We started by thinking of all the places where we listen to audio and then all the places we wish we could share it. We took a look at the existing solutions to pinpoint what was missing, why none of them had become a success story. Then we thought about smart speakers. We all got Amazon Echo Dots in our hackathon goodie bags and Ren develops Alexa skills for the CBC. It became clear that the “new” thing we could try would be audio clip sharing via voice assistant. Eureka!
So you’re listening to your favourite podcast and you think, “Hey that’s exactly what I was talking about with Hannah last week.” You can say, “Alexa, share the last 30 seconds with Hannah.” (Hannah’s my sister and does not listen to podcasts. If only I could easily share them with her…) The next question was: sharable how and where?
For a while we thought it would be funny to have a person receive an automated phone call with the selected clip. Buzz-worthy, but not too practical. We ultimately decided to have the tool generate a YouTube video from the audio clip and pull the podcast’s cover photo as a static image. YouTube is a format that’s already highly sharable and playable on many different platforms. Here’s what it would look like on Twitter:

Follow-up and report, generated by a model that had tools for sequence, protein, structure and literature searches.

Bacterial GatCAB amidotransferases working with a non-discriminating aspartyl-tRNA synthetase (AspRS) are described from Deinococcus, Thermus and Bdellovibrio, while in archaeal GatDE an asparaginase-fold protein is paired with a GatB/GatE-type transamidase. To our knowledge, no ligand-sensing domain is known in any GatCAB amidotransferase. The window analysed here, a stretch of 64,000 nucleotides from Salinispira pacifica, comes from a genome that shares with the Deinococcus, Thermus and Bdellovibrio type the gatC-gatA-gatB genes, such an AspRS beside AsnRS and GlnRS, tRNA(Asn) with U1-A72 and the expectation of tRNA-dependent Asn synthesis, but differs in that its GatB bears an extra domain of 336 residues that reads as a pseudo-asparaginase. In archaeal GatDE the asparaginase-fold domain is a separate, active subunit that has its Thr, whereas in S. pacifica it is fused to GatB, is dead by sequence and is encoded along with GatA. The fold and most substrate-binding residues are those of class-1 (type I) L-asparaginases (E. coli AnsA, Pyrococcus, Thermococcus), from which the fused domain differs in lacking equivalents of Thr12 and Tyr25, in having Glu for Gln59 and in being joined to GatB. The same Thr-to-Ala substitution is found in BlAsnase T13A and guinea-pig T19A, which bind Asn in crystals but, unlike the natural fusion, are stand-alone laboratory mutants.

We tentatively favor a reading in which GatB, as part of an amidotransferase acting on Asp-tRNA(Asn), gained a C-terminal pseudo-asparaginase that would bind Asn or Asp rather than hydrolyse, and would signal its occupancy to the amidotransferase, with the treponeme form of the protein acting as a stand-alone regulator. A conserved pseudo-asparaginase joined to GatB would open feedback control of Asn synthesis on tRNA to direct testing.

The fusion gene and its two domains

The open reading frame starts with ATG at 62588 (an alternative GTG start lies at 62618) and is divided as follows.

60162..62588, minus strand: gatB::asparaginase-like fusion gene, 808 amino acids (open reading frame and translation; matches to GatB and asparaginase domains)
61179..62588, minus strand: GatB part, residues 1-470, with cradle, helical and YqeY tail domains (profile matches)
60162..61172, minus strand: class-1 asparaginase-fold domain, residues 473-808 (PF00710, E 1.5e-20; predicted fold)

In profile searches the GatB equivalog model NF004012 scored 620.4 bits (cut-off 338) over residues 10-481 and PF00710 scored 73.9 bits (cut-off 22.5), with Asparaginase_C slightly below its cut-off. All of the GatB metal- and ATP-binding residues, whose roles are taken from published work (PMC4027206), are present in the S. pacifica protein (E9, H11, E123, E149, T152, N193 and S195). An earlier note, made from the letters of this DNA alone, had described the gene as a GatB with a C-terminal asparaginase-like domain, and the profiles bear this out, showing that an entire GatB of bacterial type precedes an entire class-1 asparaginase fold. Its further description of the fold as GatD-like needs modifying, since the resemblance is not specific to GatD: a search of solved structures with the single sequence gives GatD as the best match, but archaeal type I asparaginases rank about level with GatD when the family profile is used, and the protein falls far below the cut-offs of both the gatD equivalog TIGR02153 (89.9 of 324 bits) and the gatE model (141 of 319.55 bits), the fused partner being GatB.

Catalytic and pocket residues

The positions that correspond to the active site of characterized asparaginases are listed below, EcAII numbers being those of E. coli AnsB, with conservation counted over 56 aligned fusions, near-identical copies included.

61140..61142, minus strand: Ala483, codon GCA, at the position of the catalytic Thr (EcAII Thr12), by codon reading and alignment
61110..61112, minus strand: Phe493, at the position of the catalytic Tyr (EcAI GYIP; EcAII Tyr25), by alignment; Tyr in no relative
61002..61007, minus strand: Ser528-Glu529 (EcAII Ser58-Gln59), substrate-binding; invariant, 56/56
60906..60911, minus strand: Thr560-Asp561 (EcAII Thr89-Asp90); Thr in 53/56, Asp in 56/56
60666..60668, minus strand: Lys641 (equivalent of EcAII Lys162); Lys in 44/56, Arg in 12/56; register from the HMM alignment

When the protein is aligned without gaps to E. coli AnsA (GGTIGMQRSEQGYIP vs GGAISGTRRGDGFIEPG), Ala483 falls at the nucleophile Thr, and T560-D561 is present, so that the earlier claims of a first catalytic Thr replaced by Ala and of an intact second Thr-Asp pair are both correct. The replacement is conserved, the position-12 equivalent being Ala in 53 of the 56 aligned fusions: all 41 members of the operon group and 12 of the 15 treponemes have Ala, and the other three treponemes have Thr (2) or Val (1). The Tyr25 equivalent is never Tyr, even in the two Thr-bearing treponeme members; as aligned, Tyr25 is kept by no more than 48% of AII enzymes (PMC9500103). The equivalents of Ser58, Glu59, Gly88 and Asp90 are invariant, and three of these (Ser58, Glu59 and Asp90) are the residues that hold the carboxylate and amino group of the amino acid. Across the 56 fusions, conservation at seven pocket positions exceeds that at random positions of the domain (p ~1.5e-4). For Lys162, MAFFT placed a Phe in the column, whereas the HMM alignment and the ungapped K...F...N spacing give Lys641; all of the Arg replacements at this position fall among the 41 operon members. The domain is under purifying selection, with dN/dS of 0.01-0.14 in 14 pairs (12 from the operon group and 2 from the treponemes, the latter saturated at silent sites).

For the purposes of the hackathon, Ren decided it would be easiest to demo sharing via SMS using Twilio. A listener would share a clip via Alexa and their chosen contact would receive a text with a link to the YouTube clip. A bit of platform-jumping involved, but hey, it’s a prototype!
While our tech experts did their magic, I started to think about naming and branding. I did a thesaurus word vomit of all words related to audio, clips, and sharing to see if anything looked good.
Everyone sort of had a soft spot for “divvy”. It didn’t have a vowel-less startuppy naming convention, and invoked the product’s function without using too common a word. Yes! I liked the sound of it. We were ready to fill out our “hack sheet” and give our interim pitch.
Ren and Michal had worked until the wee hours on the demo. I knew that I would much more useful well-rested. Sunday morning dawned and we were sprinting towards the finish line! Alex is a graphic designer so she set to work coming up with a logo.